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    What happens when you change to square wave on an oscilloscope? I remember the only the peaks were shown on the screen but I'm not sure if an RMS value is produced. Thanks
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    (Original post by Mulkeen)
    What happens when you change to square wave on an oscilloscope? I remember the only the peaks were shown on the screen but I'm not sure if an RMS value is produced. Thanks
    The R.M.S. (Root Mean Squared) value of a continuously varying waveform is a way of describing the relationship between the peak value and the area enclosed by the waveform.

    Thus all cyclic waveforms have an R.M.S. value including square, sine, triangular, saw, pulse and any combination/summation of these etc. All of these R.M.S. values will be different.

    The description of a 'perfect' square wave is one that transitions between voltage levels at infinite speed and remains perfectly stable (constant) once the new level is achieved.

    In practice, the actual shape of the square wave will depend on a number of factors which include how fast the leading and trailing edges of the wave transition between voltages.

    The square wave may not be perfect because the circuit that produced it contains components (capacitors and inductors) that store then release energy resulting in oscillation artefacts etc. This becomes more apparent as the frequency of the waveform increases.

    Some examples:


    IDEAL:


    NOT SO IDEAL:



    POOR SQUARE WAVE:

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    You're an absolute life saver, the 'ideal' example looked like what we found on our screen too. So the peak of that is the original peak value (without square wave enabled) divided by root2?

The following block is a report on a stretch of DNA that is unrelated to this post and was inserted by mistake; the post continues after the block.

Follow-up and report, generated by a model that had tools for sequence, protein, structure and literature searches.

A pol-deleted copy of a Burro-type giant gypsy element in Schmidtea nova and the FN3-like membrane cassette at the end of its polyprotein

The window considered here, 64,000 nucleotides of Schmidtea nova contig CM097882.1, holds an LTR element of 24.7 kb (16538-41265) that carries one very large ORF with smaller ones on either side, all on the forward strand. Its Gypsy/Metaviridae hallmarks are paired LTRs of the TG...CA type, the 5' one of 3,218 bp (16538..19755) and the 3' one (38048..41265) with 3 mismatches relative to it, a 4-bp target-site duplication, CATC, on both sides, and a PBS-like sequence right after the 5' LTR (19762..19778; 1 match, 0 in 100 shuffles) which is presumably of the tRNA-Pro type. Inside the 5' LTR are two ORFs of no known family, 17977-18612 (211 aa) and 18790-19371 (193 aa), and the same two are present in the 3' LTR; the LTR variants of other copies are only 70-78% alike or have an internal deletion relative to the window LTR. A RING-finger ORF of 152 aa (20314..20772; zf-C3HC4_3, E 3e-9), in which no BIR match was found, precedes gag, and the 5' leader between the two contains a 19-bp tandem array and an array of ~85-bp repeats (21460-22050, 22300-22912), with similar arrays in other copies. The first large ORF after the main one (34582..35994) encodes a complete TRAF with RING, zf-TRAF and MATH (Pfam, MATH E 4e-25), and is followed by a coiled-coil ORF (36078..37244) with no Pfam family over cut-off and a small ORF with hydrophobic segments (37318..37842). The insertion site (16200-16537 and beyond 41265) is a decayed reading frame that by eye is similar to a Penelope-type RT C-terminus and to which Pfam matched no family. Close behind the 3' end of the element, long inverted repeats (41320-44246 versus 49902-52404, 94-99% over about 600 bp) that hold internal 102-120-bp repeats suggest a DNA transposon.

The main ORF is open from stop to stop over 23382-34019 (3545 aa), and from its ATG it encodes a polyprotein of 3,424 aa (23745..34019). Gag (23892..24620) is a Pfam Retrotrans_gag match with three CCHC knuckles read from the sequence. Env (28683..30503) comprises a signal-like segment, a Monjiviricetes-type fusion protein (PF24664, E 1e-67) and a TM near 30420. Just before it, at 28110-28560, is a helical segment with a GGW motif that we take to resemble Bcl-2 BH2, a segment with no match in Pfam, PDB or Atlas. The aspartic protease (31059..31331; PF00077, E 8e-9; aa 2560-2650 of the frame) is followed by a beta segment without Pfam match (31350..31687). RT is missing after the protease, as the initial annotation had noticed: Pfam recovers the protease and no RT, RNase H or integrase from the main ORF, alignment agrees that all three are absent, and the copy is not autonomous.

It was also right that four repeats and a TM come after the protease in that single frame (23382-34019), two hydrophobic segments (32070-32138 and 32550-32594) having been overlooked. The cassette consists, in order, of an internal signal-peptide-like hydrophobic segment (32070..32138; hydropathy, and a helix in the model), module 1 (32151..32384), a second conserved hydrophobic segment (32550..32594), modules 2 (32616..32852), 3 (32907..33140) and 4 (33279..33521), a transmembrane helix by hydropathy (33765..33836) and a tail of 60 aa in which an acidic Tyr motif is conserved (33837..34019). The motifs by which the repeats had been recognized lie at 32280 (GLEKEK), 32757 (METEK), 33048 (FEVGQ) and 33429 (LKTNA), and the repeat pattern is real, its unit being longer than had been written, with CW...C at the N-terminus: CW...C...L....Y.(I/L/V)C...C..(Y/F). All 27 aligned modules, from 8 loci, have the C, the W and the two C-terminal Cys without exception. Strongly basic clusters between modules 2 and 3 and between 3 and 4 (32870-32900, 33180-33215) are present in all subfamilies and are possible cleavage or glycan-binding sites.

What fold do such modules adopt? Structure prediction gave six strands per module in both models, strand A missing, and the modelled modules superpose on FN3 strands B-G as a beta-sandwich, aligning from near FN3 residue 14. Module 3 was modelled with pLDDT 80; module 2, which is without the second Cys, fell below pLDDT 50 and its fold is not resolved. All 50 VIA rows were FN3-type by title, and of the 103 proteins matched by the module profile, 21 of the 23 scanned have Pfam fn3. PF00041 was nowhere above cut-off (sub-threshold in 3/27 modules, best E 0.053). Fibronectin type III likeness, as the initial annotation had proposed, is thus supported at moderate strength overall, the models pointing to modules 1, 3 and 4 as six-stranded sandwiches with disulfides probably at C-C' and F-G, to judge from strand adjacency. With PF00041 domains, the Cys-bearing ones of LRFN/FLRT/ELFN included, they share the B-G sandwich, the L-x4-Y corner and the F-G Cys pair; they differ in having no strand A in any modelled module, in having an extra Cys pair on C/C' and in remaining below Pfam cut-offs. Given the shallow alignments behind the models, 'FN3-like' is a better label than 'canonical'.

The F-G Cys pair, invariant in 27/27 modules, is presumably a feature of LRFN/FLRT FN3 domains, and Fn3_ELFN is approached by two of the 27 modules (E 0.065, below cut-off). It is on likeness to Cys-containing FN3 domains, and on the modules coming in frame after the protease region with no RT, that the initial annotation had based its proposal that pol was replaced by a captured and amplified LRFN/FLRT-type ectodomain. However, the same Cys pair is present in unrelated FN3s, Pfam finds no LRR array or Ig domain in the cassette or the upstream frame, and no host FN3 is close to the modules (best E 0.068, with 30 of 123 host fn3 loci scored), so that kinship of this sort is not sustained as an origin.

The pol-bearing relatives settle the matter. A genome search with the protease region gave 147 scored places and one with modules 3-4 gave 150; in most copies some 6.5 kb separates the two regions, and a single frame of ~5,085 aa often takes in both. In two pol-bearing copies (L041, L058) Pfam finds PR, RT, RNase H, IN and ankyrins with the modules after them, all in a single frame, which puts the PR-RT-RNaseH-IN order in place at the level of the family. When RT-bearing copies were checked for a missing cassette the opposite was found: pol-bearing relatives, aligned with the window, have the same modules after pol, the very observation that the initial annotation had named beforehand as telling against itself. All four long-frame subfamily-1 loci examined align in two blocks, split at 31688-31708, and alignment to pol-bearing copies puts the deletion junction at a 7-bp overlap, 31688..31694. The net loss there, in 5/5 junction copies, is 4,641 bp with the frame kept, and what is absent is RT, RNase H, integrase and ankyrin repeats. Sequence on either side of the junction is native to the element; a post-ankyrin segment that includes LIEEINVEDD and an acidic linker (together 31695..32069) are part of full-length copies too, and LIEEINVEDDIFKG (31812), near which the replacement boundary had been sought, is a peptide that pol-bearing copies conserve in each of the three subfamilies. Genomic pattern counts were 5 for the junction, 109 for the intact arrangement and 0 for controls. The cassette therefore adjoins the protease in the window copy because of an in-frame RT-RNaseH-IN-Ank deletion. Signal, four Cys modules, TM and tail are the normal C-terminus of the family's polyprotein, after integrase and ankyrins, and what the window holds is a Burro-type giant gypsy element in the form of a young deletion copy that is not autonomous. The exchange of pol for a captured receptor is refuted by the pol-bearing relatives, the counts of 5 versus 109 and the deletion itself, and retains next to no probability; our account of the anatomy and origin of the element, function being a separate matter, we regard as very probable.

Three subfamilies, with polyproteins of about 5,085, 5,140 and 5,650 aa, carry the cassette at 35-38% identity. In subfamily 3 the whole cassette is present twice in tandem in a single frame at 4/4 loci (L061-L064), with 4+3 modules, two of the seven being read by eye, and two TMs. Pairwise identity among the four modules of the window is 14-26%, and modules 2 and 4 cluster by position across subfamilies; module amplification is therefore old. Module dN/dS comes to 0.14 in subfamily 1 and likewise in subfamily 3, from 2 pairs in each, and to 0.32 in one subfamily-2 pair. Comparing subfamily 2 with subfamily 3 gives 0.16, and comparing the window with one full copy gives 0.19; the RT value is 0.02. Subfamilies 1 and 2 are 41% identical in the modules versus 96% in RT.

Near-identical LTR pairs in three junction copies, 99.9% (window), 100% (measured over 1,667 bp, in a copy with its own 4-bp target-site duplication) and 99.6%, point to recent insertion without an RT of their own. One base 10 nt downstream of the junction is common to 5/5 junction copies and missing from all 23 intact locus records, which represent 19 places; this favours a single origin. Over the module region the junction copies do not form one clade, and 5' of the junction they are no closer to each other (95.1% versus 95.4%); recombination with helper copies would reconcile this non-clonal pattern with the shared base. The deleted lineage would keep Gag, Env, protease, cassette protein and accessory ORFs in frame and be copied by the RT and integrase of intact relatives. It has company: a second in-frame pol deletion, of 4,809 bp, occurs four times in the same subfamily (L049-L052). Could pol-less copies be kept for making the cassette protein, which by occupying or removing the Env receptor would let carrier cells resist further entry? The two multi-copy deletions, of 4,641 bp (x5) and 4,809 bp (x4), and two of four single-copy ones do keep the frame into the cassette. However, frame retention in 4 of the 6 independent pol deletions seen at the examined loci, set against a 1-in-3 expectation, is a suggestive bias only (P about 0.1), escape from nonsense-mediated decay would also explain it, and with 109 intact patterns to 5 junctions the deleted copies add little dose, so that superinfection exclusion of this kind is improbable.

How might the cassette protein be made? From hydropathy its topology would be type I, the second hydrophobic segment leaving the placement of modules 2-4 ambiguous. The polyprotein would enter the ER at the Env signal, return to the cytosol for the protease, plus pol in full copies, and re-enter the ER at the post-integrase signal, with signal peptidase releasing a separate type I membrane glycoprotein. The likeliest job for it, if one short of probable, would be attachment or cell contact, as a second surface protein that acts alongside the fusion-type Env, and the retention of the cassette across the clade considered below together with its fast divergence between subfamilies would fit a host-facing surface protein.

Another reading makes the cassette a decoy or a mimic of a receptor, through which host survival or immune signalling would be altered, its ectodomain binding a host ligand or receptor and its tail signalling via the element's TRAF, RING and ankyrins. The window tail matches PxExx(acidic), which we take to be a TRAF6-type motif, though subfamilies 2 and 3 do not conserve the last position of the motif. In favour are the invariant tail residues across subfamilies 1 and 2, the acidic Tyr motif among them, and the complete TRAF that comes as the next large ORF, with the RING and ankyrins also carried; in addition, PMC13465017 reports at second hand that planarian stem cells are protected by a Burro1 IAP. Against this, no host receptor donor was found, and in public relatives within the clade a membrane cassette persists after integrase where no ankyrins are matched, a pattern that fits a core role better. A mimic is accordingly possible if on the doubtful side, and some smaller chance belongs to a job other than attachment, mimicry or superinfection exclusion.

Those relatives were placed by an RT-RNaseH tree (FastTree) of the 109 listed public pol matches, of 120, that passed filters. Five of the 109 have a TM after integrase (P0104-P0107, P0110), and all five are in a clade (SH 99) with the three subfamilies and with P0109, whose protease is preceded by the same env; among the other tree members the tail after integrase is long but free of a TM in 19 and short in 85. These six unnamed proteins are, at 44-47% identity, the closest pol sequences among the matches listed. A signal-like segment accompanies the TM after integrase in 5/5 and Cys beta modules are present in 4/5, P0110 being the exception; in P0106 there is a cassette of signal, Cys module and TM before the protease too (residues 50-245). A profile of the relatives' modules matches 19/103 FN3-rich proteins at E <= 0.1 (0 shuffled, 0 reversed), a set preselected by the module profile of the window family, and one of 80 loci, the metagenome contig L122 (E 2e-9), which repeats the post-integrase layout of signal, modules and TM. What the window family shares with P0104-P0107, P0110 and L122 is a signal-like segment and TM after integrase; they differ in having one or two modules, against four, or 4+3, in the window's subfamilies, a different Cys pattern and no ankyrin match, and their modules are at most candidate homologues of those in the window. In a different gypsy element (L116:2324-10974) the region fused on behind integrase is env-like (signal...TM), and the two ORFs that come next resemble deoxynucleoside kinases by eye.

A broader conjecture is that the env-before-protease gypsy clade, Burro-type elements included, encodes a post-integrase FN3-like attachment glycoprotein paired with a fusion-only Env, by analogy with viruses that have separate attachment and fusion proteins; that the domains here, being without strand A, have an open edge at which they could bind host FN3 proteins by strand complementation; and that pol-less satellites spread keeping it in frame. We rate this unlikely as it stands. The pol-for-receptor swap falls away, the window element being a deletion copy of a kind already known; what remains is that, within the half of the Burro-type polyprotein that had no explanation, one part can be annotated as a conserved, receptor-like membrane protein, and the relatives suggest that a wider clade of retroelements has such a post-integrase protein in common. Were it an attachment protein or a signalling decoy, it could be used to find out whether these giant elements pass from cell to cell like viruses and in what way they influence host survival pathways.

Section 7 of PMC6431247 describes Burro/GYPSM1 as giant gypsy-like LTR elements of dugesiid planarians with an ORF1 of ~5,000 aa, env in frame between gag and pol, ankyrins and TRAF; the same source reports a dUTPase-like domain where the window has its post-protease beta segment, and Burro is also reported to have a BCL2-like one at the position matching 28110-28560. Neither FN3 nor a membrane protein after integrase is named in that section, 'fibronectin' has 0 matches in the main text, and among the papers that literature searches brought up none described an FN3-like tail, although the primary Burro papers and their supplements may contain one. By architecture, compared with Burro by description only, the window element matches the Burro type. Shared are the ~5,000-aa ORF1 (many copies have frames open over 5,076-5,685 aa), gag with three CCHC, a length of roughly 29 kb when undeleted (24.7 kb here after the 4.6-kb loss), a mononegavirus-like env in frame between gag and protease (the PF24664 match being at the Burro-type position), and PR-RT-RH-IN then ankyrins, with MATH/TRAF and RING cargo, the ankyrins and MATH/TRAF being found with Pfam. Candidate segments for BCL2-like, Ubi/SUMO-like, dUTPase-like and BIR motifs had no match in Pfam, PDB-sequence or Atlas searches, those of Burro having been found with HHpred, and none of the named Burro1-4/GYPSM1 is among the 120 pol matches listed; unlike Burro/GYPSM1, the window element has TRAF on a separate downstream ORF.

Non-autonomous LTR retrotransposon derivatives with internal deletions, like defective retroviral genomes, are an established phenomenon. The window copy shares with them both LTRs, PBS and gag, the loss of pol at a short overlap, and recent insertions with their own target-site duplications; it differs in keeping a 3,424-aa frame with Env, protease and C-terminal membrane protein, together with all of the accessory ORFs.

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    (Original post by Mulkeen)
    You're an absolute life saver, the 'ideal' example looked like what we found on our screen too. So the peak of that is the original peak value (without square wave enabled) divided by root2?
    I don't know what you mean by 'without square wave enabled'?

    The R.M.S. value of a pulse waveform shape (function) is given by:

    V_{rms} = V_p(\sqrt(\frac{t_1}{T}))

    where t1 / T is the waveform duty cycle.

    In the case of the square wave t1 / T = 1/2

    Hence the R.M.S value of a perfectly symmetrical square wave is

    V_{rms} = V_{peak}(\sqrt(\frac{1}{2}))

    V_{rms} = 0.707(V_{peak})

    or as you correctly say:

    V_{rms} = \frac{V_{peak}}{\sqrt2}

    V_{rms} = \frac{V_{peak}}{1.414} = 0.707(V_{peak})
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    (Original post by uberteknik)
    I don't know what you mean by 'without square wave enabled'?
    Okay I've had a task to do, and imagine if we have a oscillator connected to an oscilloscope, then the lab script says "what happen if the signal is changed to a square wave". When you uploaded a photo of the 'ideal' diagram with the lines, that is exactly what we saw. What does this mean? What is its function?
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    (Original post by Mulkeen)
    Okay I've had a task to do, and imagine if we have a oscillator connected to an oscilloscope, then the lab script says "what happen if the signal is changed to a square wave". When you uploaded a photo of the 'ideal' diagram with the lines, that is exactly what we saw. What does this mean? What is its function?
    Ahhh ok.

    The question wants you to compare the waveform shapes and one such measure is the rms value which will be different for different waveform shapes.

    My previous answer still stands.
 
 
 
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